Grasp the impeller and twist it counter-clockwise while immobilizing the shaft with the wrench. Continue turning the impeller until it comes off the shaft. The seal plate will slide off the motor mounting plate when the impeller is removed. Take care not to touch or damage the white ceramic seal in the seal plate unless it is being replaced. Remove the motor mounting plate, if required, by removing the four motor cap screws with the 9/16-inch socket or wrench.

If you are replacing the seal assembly, push the ceramic portion out of the seal plate by pressing with thumbs from the back. Lubricate the O-ring on the new ceramic seal with the dilute soap solution, and press it into the seal plate, polished side up. Note the spring seal position on the impeller shaft, with the raised carbon edge facing the ceramic. Remove the spring seal from the impeller by twisting back and forth. Seat the new spring seal assembly on the impeller shaft.

Reverse the steps to reassemble. Wipe any debris off the ceramic seal using a clean cloth. Do not lubricate any parts with petroleum lubricants. Use the dilute soap solution to lubricate the housing and strainer cover gaskets. Place the seal plate onto the motor mounting plate, then thread on the impeller. With the wrench immobilizing the shaft, tighten the impeller hand-tight. Replace the loose impeller ring on the impeller eye with the thick end facing the diffuser. Snap the diffuser back onto the seal plate before sliding the assembly back into place. The assembly should slide into the pump housing easily with only a small gap between the seal plate and pump housing. Tighten the six housing cap screws equally, but do not over-tighten. Replace the bonding wire if it was removed.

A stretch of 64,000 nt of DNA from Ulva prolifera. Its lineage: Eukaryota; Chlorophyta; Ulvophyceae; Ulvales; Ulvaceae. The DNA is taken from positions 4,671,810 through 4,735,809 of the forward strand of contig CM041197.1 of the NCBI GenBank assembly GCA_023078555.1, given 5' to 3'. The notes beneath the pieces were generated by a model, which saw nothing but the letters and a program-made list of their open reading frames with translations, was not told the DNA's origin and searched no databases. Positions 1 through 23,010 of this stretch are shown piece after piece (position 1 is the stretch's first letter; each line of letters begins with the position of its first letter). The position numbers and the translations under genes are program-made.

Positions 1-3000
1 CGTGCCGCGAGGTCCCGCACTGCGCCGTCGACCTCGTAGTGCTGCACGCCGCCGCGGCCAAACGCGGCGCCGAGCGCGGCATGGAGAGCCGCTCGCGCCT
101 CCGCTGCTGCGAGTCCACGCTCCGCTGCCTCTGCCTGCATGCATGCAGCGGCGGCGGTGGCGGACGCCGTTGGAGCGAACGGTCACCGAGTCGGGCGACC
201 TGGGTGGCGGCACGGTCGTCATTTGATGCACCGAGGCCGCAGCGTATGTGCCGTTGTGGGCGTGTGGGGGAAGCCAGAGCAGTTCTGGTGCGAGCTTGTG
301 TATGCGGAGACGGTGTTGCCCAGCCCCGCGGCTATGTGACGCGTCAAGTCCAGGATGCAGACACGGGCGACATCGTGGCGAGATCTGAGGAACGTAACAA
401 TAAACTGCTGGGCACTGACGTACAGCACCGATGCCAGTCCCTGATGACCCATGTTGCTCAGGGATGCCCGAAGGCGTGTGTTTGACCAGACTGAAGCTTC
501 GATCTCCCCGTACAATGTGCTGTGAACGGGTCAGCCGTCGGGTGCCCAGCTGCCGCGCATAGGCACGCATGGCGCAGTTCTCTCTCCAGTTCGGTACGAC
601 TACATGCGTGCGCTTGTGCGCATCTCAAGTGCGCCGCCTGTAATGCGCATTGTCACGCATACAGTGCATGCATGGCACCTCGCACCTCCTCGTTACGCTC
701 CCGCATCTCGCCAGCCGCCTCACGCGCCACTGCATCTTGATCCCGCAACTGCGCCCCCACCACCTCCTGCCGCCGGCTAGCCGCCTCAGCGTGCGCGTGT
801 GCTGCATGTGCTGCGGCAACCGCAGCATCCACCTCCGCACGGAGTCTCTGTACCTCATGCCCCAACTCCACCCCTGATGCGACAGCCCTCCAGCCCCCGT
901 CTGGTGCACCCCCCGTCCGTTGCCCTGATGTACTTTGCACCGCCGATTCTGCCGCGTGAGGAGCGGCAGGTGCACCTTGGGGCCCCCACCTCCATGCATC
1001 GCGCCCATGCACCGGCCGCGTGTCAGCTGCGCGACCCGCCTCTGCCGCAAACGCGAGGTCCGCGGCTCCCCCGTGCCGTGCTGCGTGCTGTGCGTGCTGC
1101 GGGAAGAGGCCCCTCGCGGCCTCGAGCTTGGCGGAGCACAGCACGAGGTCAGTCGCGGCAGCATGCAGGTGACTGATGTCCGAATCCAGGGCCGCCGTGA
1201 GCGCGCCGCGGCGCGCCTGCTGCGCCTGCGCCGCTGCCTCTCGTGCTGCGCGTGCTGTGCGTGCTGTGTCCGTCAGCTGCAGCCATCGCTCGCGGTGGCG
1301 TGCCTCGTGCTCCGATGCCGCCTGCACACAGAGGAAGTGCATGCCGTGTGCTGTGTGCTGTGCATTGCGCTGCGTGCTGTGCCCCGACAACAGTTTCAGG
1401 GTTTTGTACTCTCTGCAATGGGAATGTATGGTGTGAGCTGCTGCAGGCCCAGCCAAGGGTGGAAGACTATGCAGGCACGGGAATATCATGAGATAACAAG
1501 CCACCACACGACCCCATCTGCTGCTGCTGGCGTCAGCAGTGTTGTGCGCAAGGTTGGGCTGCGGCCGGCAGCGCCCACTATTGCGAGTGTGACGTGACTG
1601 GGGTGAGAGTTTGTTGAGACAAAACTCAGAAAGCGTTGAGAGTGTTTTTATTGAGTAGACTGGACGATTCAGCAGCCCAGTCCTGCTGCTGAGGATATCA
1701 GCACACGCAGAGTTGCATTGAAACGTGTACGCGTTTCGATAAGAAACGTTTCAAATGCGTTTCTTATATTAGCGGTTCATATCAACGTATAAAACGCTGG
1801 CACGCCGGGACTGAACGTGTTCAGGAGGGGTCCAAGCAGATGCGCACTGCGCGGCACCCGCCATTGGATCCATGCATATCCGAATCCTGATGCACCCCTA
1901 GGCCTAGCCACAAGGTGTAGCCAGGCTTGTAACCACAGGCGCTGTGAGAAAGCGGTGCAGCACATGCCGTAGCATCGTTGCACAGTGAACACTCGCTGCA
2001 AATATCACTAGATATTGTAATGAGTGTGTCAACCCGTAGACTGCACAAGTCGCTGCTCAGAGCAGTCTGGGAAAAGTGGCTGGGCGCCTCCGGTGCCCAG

Fill the strainer assembly with water, replace the strainer basket and thread on the strainer cover before restoring power and testing the pump.

Things You Will Need

  • 9/16-inch socket or open end wrench
  • 1/2-inch open end wrench
  • 7/16-inch open end wrench
  • Flat head screwdriver
  • Phillips head screwdriver
  • 1 teaspoon liquid soap (non-granulated dish-washing soap)
  • 1 cup water
  • Clean cloth


  • Time clocks or toggle switches should not be trusted to disconnect power. The Super II pump might be wired for 230-volt service, and time clocks and toggle switches are often wired to interrupt only one leg of the power. Even when the time clock or toggle switch is "Off" and the pump not operating, there might be dangerous voltage present at the motor wiring plate.
  • The bonding wire must be reinstalled before operating the pump. Failure to do so can cause serious or fatal shock hazard.

About the Author

Frank Hagan is a small business management and web development consultant with more than 30 years of corporate management experience. His accomplishments include developing and presenting industry-accredited seminars, developing training and step-by-step trouble-shooting manuals, managing corporate communications and assembling world-class customer service and technical service teams for major U.S. manufacturers.